I'm pulling from non-Joomla SSL proxy experience here. However, I believe it will work.
Configure nginx to send an X-FORWARDED-PROTO header with a value of "https"
proxy_set_header X-Forwarded-Proto https;
Configure Apache to set the HTTPS environment variable to "on":
SetEnvIfNoCase X-Forwarded-Proto https HTTPS=on
Once you have those configured, ...
Do I understand correctly that you want to make your website on your local computer on the Internet?
Apart from the poor uptime that you will experience with this you will need a number of things:
1) Create a tunnel/ server address of your local computer on your Internet Router. This will also mean you will need a fixed IP address on your local network, ...
Leave compression disabled until your site is ready, then try activating the settings on your online server and see ...
I have already taken the "plunge" to nginx, and my findings:
.htaccess rules are one of the main problems, but can be overcome by
"translating" them to nginx configuration instructions (you can do
them by hand, but there are some handy tools on the internet to help
you convert them, like this one: htaccess to nginx converter)
Note that ...
If your admin area works widthout .htaccess its possible your joomla config has rewrite option enable. You can try edit your configuration.php file and change the status directly in configuration file:
$sef_rewrite = '0';
$sef = '0';
$sef_suffix = '0';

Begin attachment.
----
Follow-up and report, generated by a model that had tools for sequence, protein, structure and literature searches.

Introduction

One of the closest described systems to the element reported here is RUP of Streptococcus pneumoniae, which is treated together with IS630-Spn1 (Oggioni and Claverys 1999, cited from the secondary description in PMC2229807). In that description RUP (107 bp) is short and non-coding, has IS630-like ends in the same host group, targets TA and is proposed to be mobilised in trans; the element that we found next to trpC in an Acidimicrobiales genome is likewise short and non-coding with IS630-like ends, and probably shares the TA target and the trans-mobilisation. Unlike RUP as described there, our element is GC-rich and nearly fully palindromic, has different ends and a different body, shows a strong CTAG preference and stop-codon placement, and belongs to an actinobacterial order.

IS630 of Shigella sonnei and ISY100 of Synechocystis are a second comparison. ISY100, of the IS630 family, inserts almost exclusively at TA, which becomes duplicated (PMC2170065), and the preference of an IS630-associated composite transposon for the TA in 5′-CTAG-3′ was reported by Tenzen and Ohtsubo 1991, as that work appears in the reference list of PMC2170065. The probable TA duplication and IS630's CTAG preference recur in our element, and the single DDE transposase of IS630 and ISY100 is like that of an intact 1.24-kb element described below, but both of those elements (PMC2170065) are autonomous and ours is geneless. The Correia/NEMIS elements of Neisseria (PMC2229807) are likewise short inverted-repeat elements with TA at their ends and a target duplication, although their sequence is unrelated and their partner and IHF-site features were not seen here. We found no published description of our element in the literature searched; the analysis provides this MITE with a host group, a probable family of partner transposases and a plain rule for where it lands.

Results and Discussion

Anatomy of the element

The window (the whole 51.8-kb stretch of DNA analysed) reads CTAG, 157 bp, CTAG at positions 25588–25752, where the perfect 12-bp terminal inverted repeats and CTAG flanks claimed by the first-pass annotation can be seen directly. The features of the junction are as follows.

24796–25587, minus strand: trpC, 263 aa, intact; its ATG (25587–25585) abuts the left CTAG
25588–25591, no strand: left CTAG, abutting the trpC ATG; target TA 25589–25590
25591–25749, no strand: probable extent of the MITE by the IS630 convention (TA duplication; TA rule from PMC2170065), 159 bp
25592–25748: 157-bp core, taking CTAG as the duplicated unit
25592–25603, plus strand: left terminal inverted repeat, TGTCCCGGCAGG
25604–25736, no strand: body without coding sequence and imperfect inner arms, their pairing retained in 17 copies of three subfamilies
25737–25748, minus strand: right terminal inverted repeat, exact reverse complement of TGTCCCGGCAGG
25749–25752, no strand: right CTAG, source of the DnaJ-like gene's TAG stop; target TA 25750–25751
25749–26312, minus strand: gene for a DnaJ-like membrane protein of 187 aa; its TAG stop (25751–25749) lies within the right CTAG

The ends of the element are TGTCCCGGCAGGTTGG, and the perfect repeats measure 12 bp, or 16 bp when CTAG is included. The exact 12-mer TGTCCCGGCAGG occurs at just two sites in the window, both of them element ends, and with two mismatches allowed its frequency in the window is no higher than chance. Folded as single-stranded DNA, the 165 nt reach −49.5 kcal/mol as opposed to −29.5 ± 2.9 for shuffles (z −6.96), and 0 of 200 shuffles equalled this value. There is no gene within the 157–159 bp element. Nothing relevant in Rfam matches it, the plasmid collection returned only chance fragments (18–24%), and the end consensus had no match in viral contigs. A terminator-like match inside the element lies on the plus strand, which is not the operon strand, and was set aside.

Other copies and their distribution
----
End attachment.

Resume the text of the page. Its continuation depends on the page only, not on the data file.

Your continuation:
I managed to piece together a solution without using .htaccess, though I'm interested in a cleaner solution if somebody has one.
I created a system plugin that really does nothing in the conventional sense, in that it has no methods except _construct ().
In the _construct() method, I simply checked for strings in the URI that were found in the old links ...
Just upload the upgrade package to the server via ftp or extract in cpanel file manager.
You will see an error after installation in the administration site only.
Go to Extensions, Manage, Database and press "FIX" Button.
Likely Joomla will work without issues even with the php's tmp directory not being set. However, if you get issues, or simply want to get rid of this warning in you Joomla Admin, then you have to define in your php configuration the upload-tmp-dir directive.
Note that setting up the hosting/server environment is not exactly a Joomla question. There is ...
For website performance test you can use some online service like:
For server/application you can try with one of this posible solutions:
Since this is one of the most common questions around Joomla, I though to share a new extension I came across that deals with it.
Plugin: Direct Alias Pro
For those people that don't want to mess with the extended capabilities of the majority of SEF extensions, this a much simpler plugin, that one of each features is to remove ids from articles, categories ...
If you create a menu item for each of these then the menu item alias is used for the URL instead.
The menu you create these links in doesn't have to be published on your site, it's enough that the menu item exists in menu manager. You can create a new menu called 'dummy links', or whatever you like, and create links to your categories and articles there. ...
The files should be owned by your FTP user, which may be root for you if you are setting up a dedicated server manually.
The entire goal of the article was to allow you to still be able to change the files, with "you" in this case expected to be someone accessing a shared host over FTP. You're not expected to have root access to the server.
Robots.txt and Google
I am also negatively positioned against the robots.txt file. I don't like it at all to announce publicly the directory tree of my Joomla sites.